Europe     155       157  
Asia     91       68  
      611       551  


Major products/services lines   Q1 2018     Q1 2017  
Instruments     420       396  
Grants     25       25  
Consumables     75       63  
Others     91       67  
      611       551  


Timing of revenue recognition   Q1 2018     Q1 2017  
Products transferred at a point in time     576       514  
Products and services transferred over time     35       37  
      611       551  


Contract balances


In thousands of US dollars ($)   March 31, 2018     December 31, 2017  
Receivables, which are included in ‘Accounts Receivable’     323       207  
Contract liabilities (deferred revenue)     285       320  


Transaction price allocated to the remaining performance obligations


The following table includes estimated revenue expected to be recognized in the future related to performance obligations that are unsatisfied (or partially unsatisfied) at the end of the reporting period.


In thousands of US dollars ($)   2018     2019     2020     Total  
Extended warranty service     235       50       -       285  


All consideration from contracts with customers is included in the amounts presented above.


Contract Costs


The Company recognizes the incremental costs of obtaining contracts as an expense when incurred if the amortization period of the assets that the Company otherwise would have recognized is one year or less. These costs are included in selling, general, and administrative expenses. The costs to obtain a contract are recorded immediately in the period when the revenue is recognized either upon shipment or installation. The costs to obtain a service contract are considered immaterial when spread over the life of the contract so the Company records the costs immediately upon billing.


Use of Estimates


To prepare our consolidated financial statements in conformity with accounting principles generally accepted in the United States of America, we are required to make significant estimates and assumptions that affect the reported amounts of assets and liabilities and disclosure of contingent assets and liabilities at the date of the financial statements and the reported amounts of revenues and expenses during the reporting period. In addition, significant estimates were made in projecting future cash flows to quantify deferred tax assets, the costs associated with fulfilling our warranty obligations for the instruments that we sell, and the estimates employed in our calculation of fair value of stock options awarded and warrant derivative liability. We base our estimates on historical experience and on various other assumptions that we believe to be reasonable under the circumstances, the results of which form the basis for making judgments about the carrying values of assets and liabilities that are not readily apparent from other sources. Actual results could differ from the estimates and assumptions used.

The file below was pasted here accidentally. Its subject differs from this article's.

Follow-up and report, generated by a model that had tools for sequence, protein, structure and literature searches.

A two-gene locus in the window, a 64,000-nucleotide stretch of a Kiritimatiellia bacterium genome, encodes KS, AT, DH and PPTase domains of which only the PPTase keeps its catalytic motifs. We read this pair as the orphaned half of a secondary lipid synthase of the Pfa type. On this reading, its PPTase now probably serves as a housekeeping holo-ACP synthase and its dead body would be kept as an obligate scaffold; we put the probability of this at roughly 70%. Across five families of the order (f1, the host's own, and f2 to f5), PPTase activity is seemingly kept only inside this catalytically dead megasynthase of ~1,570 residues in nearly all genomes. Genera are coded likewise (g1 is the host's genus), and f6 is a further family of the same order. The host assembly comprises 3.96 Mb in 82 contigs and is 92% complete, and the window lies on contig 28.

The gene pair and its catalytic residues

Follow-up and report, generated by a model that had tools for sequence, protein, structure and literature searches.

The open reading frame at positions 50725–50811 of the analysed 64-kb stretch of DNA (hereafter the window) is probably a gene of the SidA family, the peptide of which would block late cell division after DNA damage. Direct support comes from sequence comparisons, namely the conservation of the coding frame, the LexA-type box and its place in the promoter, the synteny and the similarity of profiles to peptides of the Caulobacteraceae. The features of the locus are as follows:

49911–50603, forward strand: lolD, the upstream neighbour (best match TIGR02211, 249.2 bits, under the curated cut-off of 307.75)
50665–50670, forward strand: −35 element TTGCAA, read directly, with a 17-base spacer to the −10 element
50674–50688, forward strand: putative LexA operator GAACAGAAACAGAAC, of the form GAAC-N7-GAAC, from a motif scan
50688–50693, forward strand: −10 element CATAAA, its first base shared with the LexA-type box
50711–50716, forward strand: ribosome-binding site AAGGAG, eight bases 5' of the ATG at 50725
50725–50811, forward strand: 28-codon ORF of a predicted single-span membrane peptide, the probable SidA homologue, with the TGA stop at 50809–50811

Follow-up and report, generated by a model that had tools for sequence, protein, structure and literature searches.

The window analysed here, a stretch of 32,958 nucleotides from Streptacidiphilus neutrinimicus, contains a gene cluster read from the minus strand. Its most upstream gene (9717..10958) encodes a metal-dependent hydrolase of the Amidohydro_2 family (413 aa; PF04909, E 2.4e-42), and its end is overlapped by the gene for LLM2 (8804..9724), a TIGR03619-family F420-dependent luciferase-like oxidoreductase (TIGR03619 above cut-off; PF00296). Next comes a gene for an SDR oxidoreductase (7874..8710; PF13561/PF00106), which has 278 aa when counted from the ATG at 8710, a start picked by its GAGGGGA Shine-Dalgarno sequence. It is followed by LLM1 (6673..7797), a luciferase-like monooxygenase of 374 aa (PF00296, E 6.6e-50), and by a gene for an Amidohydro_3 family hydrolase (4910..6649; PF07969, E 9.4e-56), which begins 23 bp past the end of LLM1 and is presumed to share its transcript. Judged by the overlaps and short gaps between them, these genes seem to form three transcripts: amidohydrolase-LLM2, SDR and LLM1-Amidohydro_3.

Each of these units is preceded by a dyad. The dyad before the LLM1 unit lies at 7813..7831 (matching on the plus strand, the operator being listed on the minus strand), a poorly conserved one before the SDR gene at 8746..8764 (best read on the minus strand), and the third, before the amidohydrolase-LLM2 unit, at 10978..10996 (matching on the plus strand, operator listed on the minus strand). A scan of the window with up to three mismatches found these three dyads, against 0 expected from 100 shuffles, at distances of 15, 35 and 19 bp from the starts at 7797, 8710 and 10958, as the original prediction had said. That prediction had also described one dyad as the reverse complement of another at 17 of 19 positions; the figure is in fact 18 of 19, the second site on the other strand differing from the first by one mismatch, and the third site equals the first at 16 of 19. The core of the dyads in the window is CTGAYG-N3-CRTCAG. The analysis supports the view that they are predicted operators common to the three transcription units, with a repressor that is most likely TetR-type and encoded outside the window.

Credit Risk


Our financial instruments that potentially subject us to concentrations of credit risk consist primarily of cash, cash equivalents, and trade receivables. We have cash investment policies which, among other things, limit investments to investment-grade securities. We perform ongoing credit evaluations of our customers, and the risk with respect to trade receivables is further mitigated by the fact that many of our customers are government institutions, large pharmaceutical and biotechnology companies, and academic laboratories.


The following table illustrates the level of concentration as a percentage of total revenues during the three months ended March 31, 2018 and 2017. The Top Five Customers category may include federal agency revenues if applicable.


    For the Three Months Ended  
    March 31,  
    2018     2017  
Top Five Customers     40 %     61 %
Federal Agencies     4 %     5 %


The following table illustrates the level of concentration as a percentage of net accounts receivable balance as of March 31, 2018 and December 31, 2017. The Top Five Customers category may include federal agency receivable balances if applicable.


    March 31, 2018     December, 31, 2017  
Top Five Customers     75 %     85 %
Federal Agencies     1 %     1 %


Product Supply


CBM Industries (Taunton, MA) has recently become the manufacturer of the Barocycler® 2320EXT. CBM is ISO 13485:2003 and 9001:2008 Certified. CBM provides us with precision manufacturing services that include management support services to meet our specific application and operational requirements. Among the services provided by CBM to us are:


  CNC Machining
  Contract Assembly & Kitting
  Component and Subassembly Design
  Inventory Management
  ISO certification


At this time, we believe that outsourcing the manufacturing of our new Barocycler® 2320EXT to CBM is the most cost-effective method for us to obtain and maintain ISO Certified, CE and CSA Marked instruments. CBM’s close proximity to our South Easton, MA facility is a significant asset enabling interactions between our Engineering, R&D, and Manufacturing groups and their counterparts at CBM. CBM was instrumental in helping PBI achieve CE Marking on our Barocycler 2320EXT, as announced on February 2, 2017.


Although we currently manufacture and assemble the Barozyme HT48, Barocycler® HUB440, the SHREDDER SG3, and most of our consumables at our South Easton, MA facility, we plan to take advantage of the established relationship with CBM and transfer manufacturing of the entire Barocycler® product line, future instruments, and other products to CBM.